The Feather Map of Australia project collected waterbird feathers from wetlands around Australia. The feathers were analysed using nuclear techniques, such as mass spectrometry and high resolution X-ray fluorescence, to identify stable isotopes and minerals that are incorporated into feathers through the ingestion of food.

The analyses identified the differences in feathers from diverse parts of Australia, creating a Feather Map.

A joint project of the Australian Nuclear Science and Technology Organisation (ANSTO) and University of New South Wales (UNSW), the Feather Map is being used to track the movement of waterbirds around Australia from wetland to wetland based on an analysis of the feathers to identify stable isotopes and mineral elements.

Wetlands around Australia are under threat from reduced river flows and flooding, drought, climate change and land use changes. Wetlands are habitats that are critical for Australia’s waterbirds. They provide places for nesting, feeding and roosting. For many species of waterbirds, flooded wetlands are essential for nesting. Without floods and river flows many waterbirds don’t breed. The project has collected information on which wetlands waterbirds use, how they use them and wetland health.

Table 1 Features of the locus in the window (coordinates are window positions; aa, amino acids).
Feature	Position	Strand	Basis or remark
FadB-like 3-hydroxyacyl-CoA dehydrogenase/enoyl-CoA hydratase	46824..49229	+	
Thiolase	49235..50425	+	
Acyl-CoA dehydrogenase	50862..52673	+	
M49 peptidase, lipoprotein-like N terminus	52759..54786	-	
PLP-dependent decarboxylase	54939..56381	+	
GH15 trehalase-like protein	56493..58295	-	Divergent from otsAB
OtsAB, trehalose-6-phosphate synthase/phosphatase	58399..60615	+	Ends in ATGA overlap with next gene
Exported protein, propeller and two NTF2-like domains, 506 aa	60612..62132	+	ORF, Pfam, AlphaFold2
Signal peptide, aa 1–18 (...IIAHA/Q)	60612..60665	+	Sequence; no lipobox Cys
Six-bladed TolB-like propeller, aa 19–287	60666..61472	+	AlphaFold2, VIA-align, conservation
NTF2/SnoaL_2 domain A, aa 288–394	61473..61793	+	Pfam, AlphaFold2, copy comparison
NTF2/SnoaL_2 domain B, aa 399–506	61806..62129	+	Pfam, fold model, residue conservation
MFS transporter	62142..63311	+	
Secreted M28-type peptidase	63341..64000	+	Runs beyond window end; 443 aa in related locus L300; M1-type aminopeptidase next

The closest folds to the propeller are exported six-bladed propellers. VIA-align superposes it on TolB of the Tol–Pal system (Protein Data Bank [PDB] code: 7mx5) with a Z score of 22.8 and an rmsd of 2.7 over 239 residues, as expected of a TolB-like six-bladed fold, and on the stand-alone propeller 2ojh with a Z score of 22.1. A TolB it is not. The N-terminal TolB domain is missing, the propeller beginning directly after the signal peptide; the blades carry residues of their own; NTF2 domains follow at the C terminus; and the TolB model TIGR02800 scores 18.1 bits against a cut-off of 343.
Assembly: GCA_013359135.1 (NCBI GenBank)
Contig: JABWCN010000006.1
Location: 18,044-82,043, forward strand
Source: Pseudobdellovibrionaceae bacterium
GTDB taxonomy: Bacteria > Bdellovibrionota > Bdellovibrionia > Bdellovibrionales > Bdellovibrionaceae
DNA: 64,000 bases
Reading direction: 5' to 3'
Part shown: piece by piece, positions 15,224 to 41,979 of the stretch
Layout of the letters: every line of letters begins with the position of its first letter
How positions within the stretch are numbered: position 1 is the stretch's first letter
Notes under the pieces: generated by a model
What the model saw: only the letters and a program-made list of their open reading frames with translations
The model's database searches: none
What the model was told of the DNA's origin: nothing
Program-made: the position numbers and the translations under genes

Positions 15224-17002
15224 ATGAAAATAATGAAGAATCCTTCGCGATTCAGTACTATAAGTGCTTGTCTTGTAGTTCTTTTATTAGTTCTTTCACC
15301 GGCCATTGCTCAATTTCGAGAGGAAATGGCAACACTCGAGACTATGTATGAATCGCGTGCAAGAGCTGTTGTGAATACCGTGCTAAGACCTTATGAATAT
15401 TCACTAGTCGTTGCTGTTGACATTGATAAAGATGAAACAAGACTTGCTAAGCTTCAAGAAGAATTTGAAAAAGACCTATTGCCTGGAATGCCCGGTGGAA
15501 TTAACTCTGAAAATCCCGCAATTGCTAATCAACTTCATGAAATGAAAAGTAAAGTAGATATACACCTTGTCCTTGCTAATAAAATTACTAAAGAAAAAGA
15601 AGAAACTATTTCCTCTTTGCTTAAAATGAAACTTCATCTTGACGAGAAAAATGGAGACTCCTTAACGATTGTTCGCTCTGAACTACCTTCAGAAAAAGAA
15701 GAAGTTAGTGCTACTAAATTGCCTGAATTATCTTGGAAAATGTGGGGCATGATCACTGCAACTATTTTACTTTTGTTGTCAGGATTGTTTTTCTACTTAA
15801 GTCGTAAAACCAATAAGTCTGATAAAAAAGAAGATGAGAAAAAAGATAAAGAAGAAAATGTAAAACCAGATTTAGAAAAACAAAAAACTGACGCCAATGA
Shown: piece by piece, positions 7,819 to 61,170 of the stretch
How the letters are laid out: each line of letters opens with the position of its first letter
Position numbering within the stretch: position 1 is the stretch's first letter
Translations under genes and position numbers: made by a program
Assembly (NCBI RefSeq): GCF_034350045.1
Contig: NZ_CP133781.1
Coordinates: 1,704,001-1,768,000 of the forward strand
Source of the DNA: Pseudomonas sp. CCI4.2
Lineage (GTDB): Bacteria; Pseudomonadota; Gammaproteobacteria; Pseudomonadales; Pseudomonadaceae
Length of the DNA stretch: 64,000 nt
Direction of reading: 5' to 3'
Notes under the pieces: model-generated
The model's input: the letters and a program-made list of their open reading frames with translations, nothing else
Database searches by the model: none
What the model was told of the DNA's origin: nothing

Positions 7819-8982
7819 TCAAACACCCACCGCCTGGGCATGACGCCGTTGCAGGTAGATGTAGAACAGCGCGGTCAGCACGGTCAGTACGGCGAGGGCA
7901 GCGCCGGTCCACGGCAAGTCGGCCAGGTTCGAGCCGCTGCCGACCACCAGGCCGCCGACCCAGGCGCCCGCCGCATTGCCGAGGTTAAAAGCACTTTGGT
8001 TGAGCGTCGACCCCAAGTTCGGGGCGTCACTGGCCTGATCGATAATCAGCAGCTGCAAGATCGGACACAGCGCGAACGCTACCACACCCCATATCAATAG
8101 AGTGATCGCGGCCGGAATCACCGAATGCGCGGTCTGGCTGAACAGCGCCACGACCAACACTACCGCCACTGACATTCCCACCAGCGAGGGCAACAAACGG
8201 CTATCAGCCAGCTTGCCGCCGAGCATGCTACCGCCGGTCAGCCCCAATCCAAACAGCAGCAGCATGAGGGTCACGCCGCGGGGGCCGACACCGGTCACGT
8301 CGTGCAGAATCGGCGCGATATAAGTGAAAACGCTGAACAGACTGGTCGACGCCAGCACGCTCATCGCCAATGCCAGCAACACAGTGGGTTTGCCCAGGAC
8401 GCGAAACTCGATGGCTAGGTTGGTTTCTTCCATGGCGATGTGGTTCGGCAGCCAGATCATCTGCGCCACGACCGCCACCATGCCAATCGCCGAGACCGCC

This information is of great interest to water and wetland managers, helping inform decision making regarding environmental flows and water management issues. It is also important for understanding the ecology and life cycles of waterbirds and waterbird populations to ensure that populations of Australia’s waterbirds are maintained or increased.

The project is an Australian first and provided a new non-invasive method of tracking waterbirds without the need for capturing birds.

Results from the project are available here.

Scientific permit and licence:s were obtained from each state and territory to allow the public to collect the feathers.

Feathers - Image - Swan
Feathers - Image - Cormorant